By most accounts, the relocated Progressive Miami International Boat Show on Virginia Key was a winner — a lovely venue overlooking Miami’s downtown skyline and Biscayne Bay, easy-to-find exhibits under air-conditioned tents and sea trials on boats tied up at temporary docks just a few minutes’ walk from the upland sales displays.
When Texan Pat Zagar moved his boat salvage business three years ago, he had to find a way to dispose of the 200 hulls stored on his property. “I’m in the boat recycling business, and I could not find a place that would take the fiberglass,” says Zagar, 57, of Houston, who dismantles boats for parts and sells them. So he dumped them into a landfill, where the fiberglass will sit for years. It cost him $40,000 to trash more than 1,100 tons of hull material.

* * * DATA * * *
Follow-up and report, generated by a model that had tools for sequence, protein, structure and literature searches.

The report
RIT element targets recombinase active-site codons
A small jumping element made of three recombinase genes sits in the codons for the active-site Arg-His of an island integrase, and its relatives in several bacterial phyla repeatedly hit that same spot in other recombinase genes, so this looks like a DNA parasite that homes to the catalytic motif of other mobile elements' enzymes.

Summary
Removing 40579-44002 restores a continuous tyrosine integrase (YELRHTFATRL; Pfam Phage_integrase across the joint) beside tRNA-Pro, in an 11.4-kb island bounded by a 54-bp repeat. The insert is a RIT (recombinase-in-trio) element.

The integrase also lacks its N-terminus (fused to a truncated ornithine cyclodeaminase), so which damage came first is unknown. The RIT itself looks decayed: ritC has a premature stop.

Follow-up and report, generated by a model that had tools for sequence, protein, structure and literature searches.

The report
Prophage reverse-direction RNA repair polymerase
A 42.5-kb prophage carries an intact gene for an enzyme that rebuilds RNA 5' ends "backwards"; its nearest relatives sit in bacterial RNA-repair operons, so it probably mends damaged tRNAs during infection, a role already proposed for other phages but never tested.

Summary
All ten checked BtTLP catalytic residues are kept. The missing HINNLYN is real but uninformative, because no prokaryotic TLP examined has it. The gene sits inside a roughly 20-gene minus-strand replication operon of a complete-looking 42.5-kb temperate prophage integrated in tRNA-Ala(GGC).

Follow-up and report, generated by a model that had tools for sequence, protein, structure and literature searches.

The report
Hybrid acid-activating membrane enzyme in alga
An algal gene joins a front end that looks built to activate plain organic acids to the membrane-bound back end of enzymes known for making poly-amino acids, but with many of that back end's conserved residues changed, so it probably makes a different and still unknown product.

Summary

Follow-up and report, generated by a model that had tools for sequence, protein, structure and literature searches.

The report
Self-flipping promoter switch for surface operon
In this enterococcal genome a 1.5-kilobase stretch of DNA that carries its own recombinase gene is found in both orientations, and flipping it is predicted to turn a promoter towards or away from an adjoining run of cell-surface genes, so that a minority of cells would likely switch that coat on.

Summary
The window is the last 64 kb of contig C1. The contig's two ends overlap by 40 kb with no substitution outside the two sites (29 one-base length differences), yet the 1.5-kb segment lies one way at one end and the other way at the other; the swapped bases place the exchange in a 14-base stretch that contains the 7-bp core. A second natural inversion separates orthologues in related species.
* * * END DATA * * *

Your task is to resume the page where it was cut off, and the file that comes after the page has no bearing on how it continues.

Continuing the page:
Blackbeard’s flagship, Queen Anne’s Revenge, inspired fear in the hearts of early 18th century mariners who dreaded the pirate crew’s plundering, but the vessel’s remains have become the linchpin of a hugely successful “heritage tourism” industry in coastal North Carolina. Recent lawsuits allege the state has reneged on agreements to share profits from the shipwreck with the salvors who discovered the infamous ship.
As investigators probed the loss of El Faro and lawyers sued on behalf of some of the 33 crewmembers lost when the cargo ship sank Oct. 1 in Hurricane Joaquin, Maine Maritime Academy mourned the loss of five of its own in the disaster.
While archaeologists spar over treasure hunter Barry Clifford’s claims to have found Christopher Columbus’ flagship off Haiti, amateur historian Manuel Rosa thinks there is reason to suspect the explorer credited with discovering America fudged what happened to the Santa Maria in his journal to mislead the Spanish crown. In a shot across Clifford’s bow, a UNESCO archaeological team sent to dive on his find off Cap Haitien reported that it could not have been Columbus’ flagship.
Page 2 of 28